58. "Public property" is an oxymoron, and privatization of profits is not privatization.
59. Property is authority. It's not a market without private property and private authority.
60. Where there is private property authority, there is an agora..
61. Private property let open to the public is not a commons.

62. Shortages do not exist in the free market, government obfuscation of price information is the only way to acheive a general shortage.
63. Being unable to buy something at the price you want to pay is not a shortage.
64. Markets are, in part, a process of voluntary rationing.

65. Corporations are evil only to the extent they rely on government power. Corporations with a monopoly are branches of government.
66. Markets rely on trust. Markets rely on suspicion.
67. Individuals in the Agora expect suspicion and earn trust. Governments demand trust, and earn suspicion.
68. A government truly of the people, by the people, and for the people would have no powers whatsoever.
69. If the measure of virtue for a society is how it treats the least among it, then the Agora is the most virtuous society ever known to man.

70. Governments thrive on opposition, antagonism, provocation, confrontation, and defiance. What they cannot tolerate is to be ignored.
71. The central idea behind the Agora, and one of the things it does best, is to ignore governments.
72. The effectiveness of the Agora's self-regulation is proportional to the extent to which external regulation is absent.
73. The Agora cannot be managed, controlled, regulated, or destroyed. It can only be interfered with.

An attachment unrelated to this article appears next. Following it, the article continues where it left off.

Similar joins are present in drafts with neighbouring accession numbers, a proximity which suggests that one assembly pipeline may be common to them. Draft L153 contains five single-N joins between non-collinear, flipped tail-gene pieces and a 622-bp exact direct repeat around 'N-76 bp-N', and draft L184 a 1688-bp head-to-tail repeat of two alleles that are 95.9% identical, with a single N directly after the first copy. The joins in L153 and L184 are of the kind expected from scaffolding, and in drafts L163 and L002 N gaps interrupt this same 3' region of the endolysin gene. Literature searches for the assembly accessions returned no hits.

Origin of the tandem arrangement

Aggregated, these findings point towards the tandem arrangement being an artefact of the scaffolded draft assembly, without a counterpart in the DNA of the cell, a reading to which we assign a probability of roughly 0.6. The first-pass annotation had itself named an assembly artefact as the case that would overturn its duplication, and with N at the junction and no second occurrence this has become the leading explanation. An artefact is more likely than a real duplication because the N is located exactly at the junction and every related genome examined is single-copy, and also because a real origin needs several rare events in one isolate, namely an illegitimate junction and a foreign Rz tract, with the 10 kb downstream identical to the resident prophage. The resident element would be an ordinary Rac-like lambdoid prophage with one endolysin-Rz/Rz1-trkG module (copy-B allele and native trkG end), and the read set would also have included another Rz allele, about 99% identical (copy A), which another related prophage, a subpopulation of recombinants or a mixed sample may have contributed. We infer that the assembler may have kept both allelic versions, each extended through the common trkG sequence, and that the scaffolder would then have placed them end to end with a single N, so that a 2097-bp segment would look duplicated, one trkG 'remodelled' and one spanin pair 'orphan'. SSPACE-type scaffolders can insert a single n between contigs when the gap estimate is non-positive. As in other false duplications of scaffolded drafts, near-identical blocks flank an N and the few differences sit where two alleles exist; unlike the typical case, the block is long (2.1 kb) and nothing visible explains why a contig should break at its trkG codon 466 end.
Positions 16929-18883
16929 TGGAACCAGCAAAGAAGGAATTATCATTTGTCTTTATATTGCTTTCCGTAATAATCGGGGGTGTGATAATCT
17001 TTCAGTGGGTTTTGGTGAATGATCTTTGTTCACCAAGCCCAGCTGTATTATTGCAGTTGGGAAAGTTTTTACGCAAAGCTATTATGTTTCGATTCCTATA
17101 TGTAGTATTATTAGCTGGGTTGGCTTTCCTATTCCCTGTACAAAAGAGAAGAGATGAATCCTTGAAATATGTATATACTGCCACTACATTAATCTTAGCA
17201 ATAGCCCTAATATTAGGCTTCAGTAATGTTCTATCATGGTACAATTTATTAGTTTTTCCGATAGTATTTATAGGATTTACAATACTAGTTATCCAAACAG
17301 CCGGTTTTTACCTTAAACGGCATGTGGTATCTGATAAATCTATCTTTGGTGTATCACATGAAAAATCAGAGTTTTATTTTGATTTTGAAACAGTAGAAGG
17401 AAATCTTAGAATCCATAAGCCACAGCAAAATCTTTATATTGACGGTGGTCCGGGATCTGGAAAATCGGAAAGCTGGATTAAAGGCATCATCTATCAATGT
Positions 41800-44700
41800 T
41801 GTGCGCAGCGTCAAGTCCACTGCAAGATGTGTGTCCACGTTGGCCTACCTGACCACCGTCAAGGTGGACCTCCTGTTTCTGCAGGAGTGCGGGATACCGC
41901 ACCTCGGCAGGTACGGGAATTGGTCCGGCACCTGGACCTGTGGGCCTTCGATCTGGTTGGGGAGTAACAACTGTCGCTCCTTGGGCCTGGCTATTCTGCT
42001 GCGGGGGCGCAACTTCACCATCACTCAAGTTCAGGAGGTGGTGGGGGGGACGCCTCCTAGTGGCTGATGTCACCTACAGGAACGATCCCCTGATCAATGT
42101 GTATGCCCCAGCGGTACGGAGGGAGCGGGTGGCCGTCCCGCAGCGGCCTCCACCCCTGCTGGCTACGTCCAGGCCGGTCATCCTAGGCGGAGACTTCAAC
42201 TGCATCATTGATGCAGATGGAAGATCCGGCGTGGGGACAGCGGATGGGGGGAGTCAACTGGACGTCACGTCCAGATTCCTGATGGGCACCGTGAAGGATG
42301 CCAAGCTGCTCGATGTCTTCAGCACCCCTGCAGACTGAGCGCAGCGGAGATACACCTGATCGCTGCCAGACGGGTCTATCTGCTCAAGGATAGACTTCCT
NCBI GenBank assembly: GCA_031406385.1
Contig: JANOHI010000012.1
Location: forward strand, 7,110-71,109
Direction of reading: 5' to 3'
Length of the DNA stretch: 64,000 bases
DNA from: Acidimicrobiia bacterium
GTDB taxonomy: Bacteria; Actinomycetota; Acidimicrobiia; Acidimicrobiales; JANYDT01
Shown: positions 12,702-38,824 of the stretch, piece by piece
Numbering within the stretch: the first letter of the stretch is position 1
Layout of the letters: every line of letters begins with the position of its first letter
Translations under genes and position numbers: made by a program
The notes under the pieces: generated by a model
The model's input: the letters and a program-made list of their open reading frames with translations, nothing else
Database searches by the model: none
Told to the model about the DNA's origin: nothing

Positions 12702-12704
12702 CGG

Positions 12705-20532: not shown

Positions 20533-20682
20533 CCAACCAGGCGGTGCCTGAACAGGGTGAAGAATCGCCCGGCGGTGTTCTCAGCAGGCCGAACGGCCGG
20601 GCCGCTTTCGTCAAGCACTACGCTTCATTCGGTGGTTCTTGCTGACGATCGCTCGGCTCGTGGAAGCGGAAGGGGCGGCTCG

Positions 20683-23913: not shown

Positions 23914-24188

74. Voting is nothing more than an expression of the voter's preferred way to interfere with the Agora.
75. The Agora is a network, and like all networks, it routes around damage.
76. Government is damage.

77. Public education is an oxymoron.
78. One of government education's primary functions is to instill fear of the Agora.
79. The Agora is all around you. It's nothing to be afraid of.
80. The Agora is peaceful. Violence and war are results of failure to embrace the Agora.
81. Guns are often required to deal with people who operate outside the Agora, because guns are the primary way people outside the Agora operate.

82. The Agora does not require permission.
83. Anyone with the power and inclination to grant the Agora permission is a threat to all honest men.
84. Anyone offering the Agora permission will be ignored.
85. Most true heroes end up in prison or murdered. This is even more true for Agorist heroes.

86. The Agora ignores creed and color.
87. When it comes to markets, black is beautiful.
88. Wherever there are human beings, there is an agora. It may be hiding, but it is there.
89. The Agora is a select community - the strict qualification for membership is to want it. Most people don't.
90. The Agora does not recognize borders or artificial boundaries. It is everywhere, and it is no where.
91. The Agora welcomes you, but does not need you.